Working Together

Working Together

Patient, Service User and Carer Experience and Involvement Strategy 2024

Below is our Patient, Service User and Carer Experience and Involvement Strategy. If you would like a printable pdf version of the strategy, please click here:  Patient, Service User and Carer Experience and Involvement Strategy 2024.pdf 5MB

Healthcare is increasingly understood as an experience as well as an outcome, with patient and carer experience being a key element of quality alongside patient safety and clinical effectiveness. The quote below highlights three well-known reports that have all emphasised how important it is not just to listen to patients / service users and carers at the point of delivery of care or solely at the point of a failure in care, but to ensure that they are routinely included in service development.

The Francis Report, which examined the failings in care at Mid Staffordshire NHS Foundation Trust between 2005 and 2009, found that ‘patients and relatives felt excluded from effective participation in the patients’ care’.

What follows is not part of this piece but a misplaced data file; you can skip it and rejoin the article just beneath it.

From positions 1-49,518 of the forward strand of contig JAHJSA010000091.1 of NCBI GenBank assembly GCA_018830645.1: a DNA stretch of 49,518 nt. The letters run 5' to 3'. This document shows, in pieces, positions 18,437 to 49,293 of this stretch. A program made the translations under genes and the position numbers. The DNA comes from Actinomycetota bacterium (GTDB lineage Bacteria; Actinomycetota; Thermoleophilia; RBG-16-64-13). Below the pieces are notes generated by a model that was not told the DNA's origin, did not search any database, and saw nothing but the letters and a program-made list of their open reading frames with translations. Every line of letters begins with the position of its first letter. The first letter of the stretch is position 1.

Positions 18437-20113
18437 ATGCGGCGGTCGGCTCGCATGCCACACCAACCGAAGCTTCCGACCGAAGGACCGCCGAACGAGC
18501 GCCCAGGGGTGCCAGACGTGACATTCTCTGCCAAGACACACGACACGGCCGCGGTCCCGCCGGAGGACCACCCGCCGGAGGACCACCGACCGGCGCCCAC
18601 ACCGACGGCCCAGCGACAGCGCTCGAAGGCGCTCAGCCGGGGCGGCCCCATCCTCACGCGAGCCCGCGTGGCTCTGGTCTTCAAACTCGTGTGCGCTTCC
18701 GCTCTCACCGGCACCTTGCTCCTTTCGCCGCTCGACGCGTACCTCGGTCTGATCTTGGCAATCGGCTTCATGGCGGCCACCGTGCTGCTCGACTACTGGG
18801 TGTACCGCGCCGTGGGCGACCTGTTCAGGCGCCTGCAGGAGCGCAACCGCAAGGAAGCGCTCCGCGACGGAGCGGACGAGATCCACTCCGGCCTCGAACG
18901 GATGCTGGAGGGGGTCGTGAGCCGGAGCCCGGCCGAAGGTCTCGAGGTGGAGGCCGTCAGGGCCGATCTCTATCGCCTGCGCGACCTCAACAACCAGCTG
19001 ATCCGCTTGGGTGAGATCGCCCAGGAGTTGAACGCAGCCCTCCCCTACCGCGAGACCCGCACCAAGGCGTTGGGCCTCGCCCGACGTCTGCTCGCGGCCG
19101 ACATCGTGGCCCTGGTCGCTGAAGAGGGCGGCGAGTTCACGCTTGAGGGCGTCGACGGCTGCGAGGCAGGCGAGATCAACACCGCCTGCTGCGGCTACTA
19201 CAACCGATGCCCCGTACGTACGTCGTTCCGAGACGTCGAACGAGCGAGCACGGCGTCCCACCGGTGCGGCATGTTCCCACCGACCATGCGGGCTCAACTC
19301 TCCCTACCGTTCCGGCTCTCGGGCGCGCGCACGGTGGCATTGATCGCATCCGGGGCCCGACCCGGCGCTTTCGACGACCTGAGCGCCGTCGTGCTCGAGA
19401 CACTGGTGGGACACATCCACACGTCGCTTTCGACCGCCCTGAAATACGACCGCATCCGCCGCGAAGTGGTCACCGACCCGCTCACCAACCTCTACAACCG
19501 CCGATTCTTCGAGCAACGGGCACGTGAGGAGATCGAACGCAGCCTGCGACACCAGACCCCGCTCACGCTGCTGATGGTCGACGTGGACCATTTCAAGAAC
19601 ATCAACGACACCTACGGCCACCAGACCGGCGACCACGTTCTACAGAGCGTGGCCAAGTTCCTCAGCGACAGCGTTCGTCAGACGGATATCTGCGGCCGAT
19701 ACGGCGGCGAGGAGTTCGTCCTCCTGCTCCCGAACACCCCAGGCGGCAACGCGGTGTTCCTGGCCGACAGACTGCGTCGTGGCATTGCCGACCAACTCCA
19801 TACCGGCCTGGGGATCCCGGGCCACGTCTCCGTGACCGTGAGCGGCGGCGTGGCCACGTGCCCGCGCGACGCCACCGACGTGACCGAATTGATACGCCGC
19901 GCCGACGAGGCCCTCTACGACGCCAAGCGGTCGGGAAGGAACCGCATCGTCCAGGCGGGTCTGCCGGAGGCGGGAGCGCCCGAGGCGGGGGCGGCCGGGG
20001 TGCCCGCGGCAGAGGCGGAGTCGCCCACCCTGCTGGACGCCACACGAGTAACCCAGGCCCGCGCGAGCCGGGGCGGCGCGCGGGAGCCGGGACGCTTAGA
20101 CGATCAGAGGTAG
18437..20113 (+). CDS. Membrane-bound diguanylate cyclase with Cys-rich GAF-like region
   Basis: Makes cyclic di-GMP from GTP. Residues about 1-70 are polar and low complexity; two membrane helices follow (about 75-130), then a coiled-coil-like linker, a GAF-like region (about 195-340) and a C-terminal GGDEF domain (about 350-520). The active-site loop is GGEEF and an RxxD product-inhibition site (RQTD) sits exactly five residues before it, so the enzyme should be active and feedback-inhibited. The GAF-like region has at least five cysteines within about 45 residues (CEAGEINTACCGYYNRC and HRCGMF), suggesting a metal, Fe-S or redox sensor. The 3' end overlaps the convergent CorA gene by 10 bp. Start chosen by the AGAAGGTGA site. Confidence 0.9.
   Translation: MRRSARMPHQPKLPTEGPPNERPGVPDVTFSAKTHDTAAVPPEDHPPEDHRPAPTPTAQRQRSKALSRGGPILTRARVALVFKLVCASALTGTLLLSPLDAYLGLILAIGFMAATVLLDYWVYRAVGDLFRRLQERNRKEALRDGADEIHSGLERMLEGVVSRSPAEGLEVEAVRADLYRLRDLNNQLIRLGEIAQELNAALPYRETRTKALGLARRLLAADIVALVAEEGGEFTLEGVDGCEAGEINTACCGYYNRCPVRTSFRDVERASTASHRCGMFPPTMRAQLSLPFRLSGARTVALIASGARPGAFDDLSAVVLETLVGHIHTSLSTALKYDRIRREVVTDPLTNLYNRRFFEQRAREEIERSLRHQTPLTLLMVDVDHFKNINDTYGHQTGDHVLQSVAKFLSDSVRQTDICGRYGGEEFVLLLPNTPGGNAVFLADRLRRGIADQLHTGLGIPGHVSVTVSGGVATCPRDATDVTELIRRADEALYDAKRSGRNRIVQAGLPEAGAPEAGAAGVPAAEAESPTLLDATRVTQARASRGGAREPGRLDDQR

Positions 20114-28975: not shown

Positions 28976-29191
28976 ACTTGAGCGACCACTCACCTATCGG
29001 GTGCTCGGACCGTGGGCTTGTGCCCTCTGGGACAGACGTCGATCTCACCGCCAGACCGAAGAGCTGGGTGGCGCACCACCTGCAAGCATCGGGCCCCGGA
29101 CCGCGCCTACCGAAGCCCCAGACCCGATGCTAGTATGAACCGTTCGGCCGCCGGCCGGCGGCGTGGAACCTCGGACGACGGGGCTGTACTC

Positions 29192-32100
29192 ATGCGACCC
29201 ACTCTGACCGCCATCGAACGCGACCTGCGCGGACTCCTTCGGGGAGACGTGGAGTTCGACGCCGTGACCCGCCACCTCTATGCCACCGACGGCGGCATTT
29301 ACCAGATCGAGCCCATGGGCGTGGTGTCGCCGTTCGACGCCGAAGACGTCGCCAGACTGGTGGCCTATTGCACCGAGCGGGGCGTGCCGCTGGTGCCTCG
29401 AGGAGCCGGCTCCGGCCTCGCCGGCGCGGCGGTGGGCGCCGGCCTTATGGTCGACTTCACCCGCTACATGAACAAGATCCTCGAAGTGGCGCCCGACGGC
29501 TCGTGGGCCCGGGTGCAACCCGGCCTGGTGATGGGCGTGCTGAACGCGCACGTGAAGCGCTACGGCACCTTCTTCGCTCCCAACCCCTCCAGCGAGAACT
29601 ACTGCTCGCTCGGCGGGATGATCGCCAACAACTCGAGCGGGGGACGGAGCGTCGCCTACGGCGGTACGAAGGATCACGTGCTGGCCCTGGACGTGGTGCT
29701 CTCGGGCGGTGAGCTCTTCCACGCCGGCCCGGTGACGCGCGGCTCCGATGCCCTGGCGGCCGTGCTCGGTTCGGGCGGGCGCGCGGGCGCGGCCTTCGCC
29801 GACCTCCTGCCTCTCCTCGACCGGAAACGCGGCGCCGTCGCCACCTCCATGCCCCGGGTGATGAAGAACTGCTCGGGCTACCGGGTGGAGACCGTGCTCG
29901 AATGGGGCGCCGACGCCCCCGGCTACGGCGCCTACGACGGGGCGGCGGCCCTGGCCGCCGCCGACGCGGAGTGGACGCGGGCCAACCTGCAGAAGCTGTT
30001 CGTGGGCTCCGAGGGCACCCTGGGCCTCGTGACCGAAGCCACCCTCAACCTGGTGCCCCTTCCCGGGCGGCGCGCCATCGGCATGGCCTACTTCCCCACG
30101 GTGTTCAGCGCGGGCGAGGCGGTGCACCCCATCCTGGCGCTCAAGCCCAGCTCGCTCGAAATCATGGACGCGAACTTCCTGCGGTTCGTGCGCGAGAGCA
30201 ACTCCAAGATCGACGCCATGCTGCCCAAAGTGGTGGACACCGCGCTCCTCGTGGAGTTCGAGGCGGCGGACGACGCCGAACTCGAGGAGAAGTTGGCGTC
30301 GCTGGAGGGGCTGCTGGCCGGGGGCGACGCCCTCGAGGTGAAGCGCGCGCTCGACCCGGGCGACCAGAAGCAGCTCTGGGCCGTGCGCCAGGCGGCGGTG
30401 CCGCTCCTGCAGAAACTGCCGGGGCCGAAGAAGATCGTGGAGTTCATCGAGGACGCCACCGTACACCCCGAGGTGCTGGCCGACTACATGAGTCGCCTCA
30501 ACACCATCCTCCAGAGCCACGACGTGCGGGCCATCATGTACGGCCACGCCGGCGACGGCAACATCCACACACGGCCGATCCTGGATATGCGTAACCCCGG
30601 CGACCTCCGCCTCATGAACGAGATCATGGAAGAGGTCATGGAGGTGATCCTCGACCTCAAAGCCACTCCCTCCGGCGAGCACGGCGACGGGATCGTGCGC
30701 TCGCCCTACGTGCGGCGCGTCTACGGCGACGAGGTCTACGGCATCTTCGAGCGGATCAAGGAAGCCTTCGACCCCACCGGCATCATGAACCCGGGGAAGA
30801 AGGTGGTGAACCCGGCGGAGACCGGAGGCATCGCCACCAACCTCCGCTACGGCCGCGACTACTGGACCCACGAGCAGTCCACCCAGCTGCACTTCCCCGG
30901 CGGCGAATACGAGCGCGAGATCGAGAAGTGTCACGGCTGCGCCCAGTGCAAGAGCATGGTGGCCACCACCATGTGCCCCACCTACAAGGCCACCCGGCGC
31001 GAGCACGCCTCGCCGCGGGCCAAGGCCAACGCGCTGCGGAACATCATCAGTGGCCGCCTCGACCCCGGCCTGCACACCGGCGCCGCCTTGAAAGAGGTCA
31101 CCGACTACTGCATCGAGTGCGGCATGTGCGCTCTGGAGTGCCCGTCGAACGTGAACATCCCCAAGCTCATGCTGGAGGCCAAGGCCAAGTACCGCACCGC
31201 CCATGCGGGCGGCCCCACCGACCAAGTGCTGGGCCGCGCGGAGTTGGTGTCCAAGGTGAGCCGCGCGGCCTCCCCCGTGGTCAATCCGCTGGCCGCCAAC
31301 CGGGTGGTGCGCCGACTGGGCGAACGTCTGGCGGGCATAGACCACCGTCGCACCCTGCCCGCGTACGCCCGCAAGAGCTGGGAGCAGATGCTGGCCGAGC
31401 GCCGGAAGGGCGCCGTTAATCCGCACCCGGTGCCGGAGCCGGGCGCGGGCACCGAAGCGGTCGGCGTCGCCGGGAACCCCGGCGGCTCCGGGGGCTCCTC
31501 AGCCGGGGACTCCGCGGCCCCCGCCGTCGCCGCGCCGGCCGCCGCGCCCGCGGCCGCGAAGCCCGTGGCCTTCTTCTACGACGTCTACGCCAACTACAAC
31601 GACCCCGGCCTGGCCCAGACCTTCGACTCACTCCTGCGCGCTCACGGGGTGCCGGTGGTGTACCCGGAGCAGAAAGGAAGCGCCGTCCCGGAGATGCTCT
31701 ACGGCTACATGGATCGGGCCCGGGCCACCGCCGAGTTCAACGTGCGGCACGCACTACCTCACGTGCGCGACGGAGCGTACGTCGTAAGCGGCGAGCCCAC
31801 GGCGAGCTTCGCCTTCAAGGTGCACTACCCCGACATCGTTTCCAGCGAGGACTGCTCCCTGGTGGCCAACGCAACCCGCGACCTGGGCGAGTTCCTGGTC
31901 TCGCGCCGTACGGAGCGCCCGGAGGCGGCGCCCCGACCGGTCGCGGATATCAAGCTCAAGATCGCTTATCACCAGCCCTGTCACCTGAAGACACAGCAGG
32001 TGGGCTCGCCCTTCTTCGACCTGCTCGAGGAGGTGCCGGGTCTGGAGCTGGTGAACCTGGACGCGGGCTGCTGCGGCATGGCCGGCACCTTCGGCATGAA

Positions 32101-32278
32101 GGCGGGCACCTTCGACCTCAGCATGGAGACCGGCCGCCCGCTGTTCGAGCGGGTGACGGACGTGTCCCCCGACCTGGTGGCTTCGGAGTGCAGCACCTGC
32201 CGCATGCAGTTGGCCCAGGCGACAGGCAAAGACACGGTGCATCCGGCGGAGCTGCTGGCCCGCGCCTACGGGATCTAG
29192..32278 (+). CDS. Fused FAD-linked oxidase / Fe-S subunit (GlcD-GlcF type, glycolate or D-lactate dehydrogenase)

The Keogh review in 2013 found there was a limited understanding of how important it was to involve patients and families in their care in the 14 Trusts investigated because they had had higher-than-average mortality rates. 

More recently the Ockenden Review into maternity services at the Shrewsbury and Telford Hospital NHS Trust found that ‘for far too long, women and families who accessed care at the Trust were denied the opportunity to voice their concerns about the quality of care they had received.’

There are many more examples I could have chosen to make the same point. Despite these and many other reports, inquiries and reviews, the NHS, at all levels, whether in clinical care or at board level, is still too often not listening to people who use its services.”